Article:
Political sponsorship of literary prizes is a particular feature of the Australian literary field. The Premier’s Literary Awards establishes an explicit tie between the accumulation of symbolic capital within the field of cultural production and the accumulation of cultural capital within the political field. In The Economy of Prestige: Prizes, Awards and the Circulation of Value, Professor James English asserts that ‘award ceremonies are rituals of symbolic exchange, requiring all participants to acknowledge and show respect for the conventions attendant upon the giving and receiving of gifts’. Despite the fact that the relative political independence of the VPLAs is established through The Wheeler Centre administration and the independently-appointed judging panels, symbolic rewards circulate to the winning author and translate as elevated cultural capital for Victorian State government and the Minister for Creative Industries. Writing on this exchange in 1997, Susan Lever observed that ‘the governments making the award (or, at least, the individual politicians associated with that government) do so because they wish to appear cultivated and civilized’. Considering the subject of No Friend But the Mountains and the imprisonment of Boochani, the exchange of symbolic capital between the Victorian Premier, the Minister for Creative Industries, and Boochani himself is worth examining.

Why should a government minister, who belongs to a party that describe their support for offshore processing of asylum seekers as ‘absolute’ and silenced debate on this policy at the 2018 Victorian State Labor Conference, have the opportunity to bask in the refracted cultural rewards from a man who writes from the indefinite detention their Federal colleagues established and uphold? The hypocrisy of this exchange, however, should not undermine the importance of No Friend But the Mountains winning Australia’s richest literary award. It should remind us that, it is within this circuit of symbolic capital, the judging panel decided to lend their cultural clout to a ‘demanding work of significant achievement’ and the continued mistreatment of asylum seekers at the hands of the Australian government.

‘This proves that words still have the power to challenge inhumane systems and structures...this award is a victory, it is a victory not only for us but for literature and art and above all it is a victory for humanity’, says Boochani. His acceptance speech is an enduring reminder to those who seek to debate the appropriateness of shifting the prize’s eligibility requirements, or to those who find discomfort in the duplicity of a government celebrating an author to whom they continue to deny personhood, that literary prizes (and the media attention they garner) can bring what is actually important into sharp relief. The history of contemporary literary prizes is accented by winning authors harnessing their captive global audience, and rising symbolic stocks, to highlight political and social injustices.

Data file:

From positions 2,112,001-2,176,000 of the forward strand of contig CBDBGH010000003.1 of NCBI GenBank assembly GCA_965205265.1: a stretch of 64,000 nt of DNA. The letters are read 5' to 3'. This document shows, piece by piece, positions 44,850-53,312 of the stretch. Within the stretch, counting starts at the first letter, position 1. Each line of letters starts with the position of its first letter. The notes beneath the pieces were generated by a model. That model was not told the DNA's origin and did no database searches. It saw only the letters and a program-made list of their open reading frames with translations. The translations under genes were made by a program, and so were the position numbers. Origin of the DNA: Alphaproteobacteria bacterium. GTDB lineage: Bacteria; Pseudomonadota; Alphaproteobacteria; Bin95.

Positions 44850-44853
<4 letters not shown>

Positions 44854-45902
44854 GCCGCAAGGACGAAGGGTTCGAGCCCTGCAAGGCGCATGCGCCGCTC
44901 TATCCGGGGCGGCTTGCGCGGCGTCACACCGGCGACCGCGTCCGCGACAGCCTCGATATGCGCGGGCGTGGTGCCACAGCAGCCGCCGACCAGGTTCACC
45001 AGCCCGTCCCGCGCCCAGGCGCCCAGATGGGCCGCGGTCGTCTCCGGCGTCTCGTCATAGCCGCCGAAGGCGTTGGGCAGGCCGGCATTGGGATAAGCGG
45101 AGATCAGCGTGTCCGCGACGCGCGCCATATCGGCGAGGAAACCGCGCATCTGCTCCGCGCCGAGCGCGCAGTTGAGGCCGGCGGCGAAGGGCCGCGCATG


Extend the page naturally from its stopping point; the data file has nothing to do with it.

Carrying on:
In his 1972 Booker Prize acceptance speech, John Berger announced that he would be donating half of the £5000 prize money to the British Black Panthers. Berger called out the Booker Group (the prize’s founding corporate sponsor) for their exploitation of indentured workers in Guyana saying: ‘The London-based Black Panther movement has arisen out of the bones of what Bookers and other companies have created in the Caribbean; I want to share this prize with the Black Panther movement because they resist both as black people and workers the further exploitation of the oppressed’. Closer to home, in 2014 Richard Flanagan donated his $40,000 Prime Minister’s Literary Award prize money for The Narrow Road to the Deep North to the Indigenous Literacy Fund, stating: ‘Money is like shit...pile it up and it stinks. Spread it around and you can grow things’. And while Flanagan was not quite as explicit as Berger in denouncing the prize he was receiving, many saw his donation to the Indigenous Literacy Fund as a both a philanthropic and a political act against the Prime Minister, Tony Abbott, at the time.

Donating prize money is not, however, the only act of political resistance that resonates beyond the concentrated literary field. Upon winning the Miles Franklin Literary Award for The Life to Come, Michelle De Kretser denounced the Australian government’s asylum seeker policy and, standing in front of hundreds on the Melbourne Writers Festival stage, read aloud a list of names of the asylum seekers who had died on Manus Island over the past five years. The public profile of major literary awards like the Booker Prize, Miles Franklin Literary Award and the VPLAs act as a platform for the circulation of not just literary texts and symbolic capital, but also ideas of justice, humanity and equality.

In the words of Behrouz Boochani: ‘I believe that literature has the potential to make change and challenge structures of power.’

The 2019 VPLAs simultaneously brought to light the rigid nature and the transformative possibilities of the literary prize. By looking beyond the bureaucratic function of the eligibility guidelines, the prize seized upon the opportunity to both reward an original, challenging and imaginative piece of writing, and draw global attention to the inhumane circumstances of its creation.



Dr Alexandra Dane researches contemporary book cultures, focussing on the relationship between gender, literary consecration and the influence of formal and informal literary networks.